Game Review: 'For Honor' lets you relive childhood fantasy of playing fearless war heroes
A new battle game lets you relive the childhood fantasy of playing fearless war heroes
Samurais, vikings and knights battling it out - sounds like a childhood fantasy coming alive. That is exactly what Ubisoft’s new game, For Honor, does.
It’s a massive online multiplayer game where you start by choosing a faction - samurai, viking or knight.
At the heart of the story is a massive calamity that has set the three factions against each other. They haven’t stopped for thousands of years. Additionally, there are forces that will not let the fight die out either.
The game is massive in terms of what is there to do in a multiplayer. The single player is limited, but does a good job of educating you about the game.
The storyline has you playing several different characters as you take on Apollyon, a warlord that leads the Blackstone legion, which is trying to destroy the peace. Through the course of the single player campaign you will discover each faction, its characters and the unique fighting mechanics. It is a great way to discover the game and the story. Not to mention, good voice acting and cut-scenes. There is no attempt at explaining why these guys are in the same region though, except for the fact that they just are.
The gameplay, at times, feels very one-on-one where you have to judge what the opposition is planning. This duality makes the game interesting by mixing things up. Stamina also plays a big role as we found out when we lost a few duels; spamming attacks will drain you out and eventually you will be swinging your sword like an 80-year-old with arthritis. You may want to run around once in a while to build up stamina during a fight.
The multiplayer is another beast, altogether. You get to choose your faction in the beginning and then you have options to fight according to the style you prefer. The fight is largely divided into dominion, deathmatch, duel and brawl. Dominion is a battle where you have to score 1,000 points by eliminating the enemies and capturing areas. Once a team reaches 1,000 points, the other team can no longer spawn lower warriors, unless they kill any opponents or recapture an area. The game ends when the last warrior falls. Deathmatch is an elimination battle. Brawl is a team effort where you have to eliminate the opposing team in a best of five match-up. Duel, on the other hand, is a pure one-on-one experience where you really feel like you are in a western or one of those samurai movies where the opponents size each other up before going for the kill.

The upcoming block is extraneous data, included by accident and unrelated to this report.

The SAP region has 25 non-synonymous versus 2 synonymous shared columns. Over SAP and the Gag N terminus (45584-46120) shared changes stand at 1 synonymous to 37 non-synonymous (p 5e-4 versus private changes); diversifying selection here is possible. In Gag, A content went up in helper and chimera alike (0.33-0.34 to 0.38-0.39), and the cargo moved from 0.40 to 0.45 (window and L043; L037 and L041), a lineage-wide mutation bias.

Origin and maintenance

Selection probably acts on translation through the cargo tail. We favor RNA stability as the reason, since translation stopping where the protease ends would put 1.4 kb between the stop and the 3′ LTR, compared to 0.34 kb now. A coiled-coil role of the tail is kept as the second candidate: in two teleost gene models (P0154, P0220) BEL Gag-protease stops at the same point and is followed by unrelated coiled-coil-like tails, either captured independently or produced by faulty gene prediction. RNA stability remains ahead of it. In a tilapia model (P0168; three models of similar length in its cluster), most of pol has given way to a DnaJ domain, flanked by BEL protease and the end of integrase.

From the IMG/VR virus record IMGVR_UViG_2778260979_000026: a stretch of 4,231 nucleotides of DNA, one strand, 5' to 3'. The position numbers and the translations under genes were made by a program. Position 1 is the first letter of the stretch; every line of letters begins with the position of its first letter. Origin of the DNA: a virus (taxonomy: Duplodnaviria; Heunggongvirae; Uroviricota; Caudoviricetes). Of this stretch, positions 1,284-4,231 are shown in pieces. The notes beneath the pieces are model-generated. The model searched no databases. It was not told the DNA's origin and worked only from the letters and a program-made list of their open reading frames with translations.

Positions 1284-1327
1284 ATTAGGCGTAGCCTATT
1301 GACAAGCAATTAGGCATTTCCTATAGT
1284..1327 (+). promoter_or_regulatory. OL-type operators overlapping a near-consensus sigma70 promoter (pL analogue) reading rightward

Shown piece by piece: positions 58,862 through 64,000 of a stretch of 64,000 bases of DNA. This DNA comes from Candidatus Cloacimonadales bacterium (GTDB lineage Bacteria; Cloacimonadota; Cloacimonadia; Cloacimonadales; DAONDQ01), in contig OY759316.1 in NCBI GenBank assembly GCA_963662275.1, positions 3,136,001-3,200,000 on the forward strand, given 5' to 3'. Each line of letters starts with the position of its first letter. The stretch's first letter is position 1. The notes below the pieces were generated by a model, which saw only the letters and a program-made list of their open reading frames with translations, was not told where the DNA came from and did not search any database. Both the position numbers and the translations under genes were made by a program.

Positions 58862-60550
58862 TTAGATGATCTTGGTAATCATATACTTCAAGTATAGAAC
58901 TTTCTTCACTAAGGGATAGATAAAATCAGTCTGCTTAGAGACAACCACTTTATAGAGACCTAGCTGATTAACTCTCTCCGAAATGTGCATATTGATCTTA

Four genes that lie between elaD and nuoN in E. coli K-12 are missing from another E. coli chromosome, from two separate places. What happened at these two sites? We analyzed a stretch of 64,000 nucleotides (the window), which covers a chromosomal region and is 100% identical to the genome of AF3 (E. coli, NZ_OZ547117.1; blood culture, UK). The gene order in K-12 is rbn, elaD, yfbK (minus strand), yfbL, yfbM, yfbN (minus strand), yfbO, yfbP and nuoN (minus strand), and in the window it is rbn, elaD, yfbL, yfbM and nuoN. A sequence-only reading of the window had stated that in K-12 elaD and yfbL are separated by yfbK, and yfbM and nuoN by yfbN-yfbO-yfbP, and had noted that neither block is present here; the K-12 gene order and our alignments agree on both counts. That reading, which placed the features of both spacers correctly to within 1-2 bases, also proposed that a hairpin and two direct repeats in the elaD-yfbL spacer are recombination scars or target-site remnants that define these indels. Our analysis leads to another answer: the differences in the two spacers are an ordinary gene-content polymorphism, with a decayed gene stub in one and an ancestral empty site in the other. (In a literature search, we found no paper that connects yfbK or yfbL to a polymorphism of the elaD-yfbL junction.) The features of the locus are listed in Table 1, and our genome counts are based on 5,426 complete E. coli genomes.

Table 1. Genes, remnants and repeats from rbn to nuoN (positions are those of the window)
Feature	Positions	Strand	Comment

We loved the ‘dominion’ mode where you can go all Dynasty Warriors on your opponent. The other mode we loved was duel, which we felt was complete Zen. Though be warned, the online gamers are particularly skilled - you may sometimes be paired with a newbie who knows advance techniques like feinting.
It is hard to give a definite verdict with this game because it is so massive and we don’t have enough time to play all its components in depth. That said, this is a game you must buy if you have ever liked playing one of the characters as a child.
But, do remember the multiplayer ladders are a struggle and you may need to play every day to keep a decent rank.
Developer: Ubisoft Montreal
Platform: PC, PS4, XBO
Price: PC: Rs 1,799; Consoles: Rs 3,499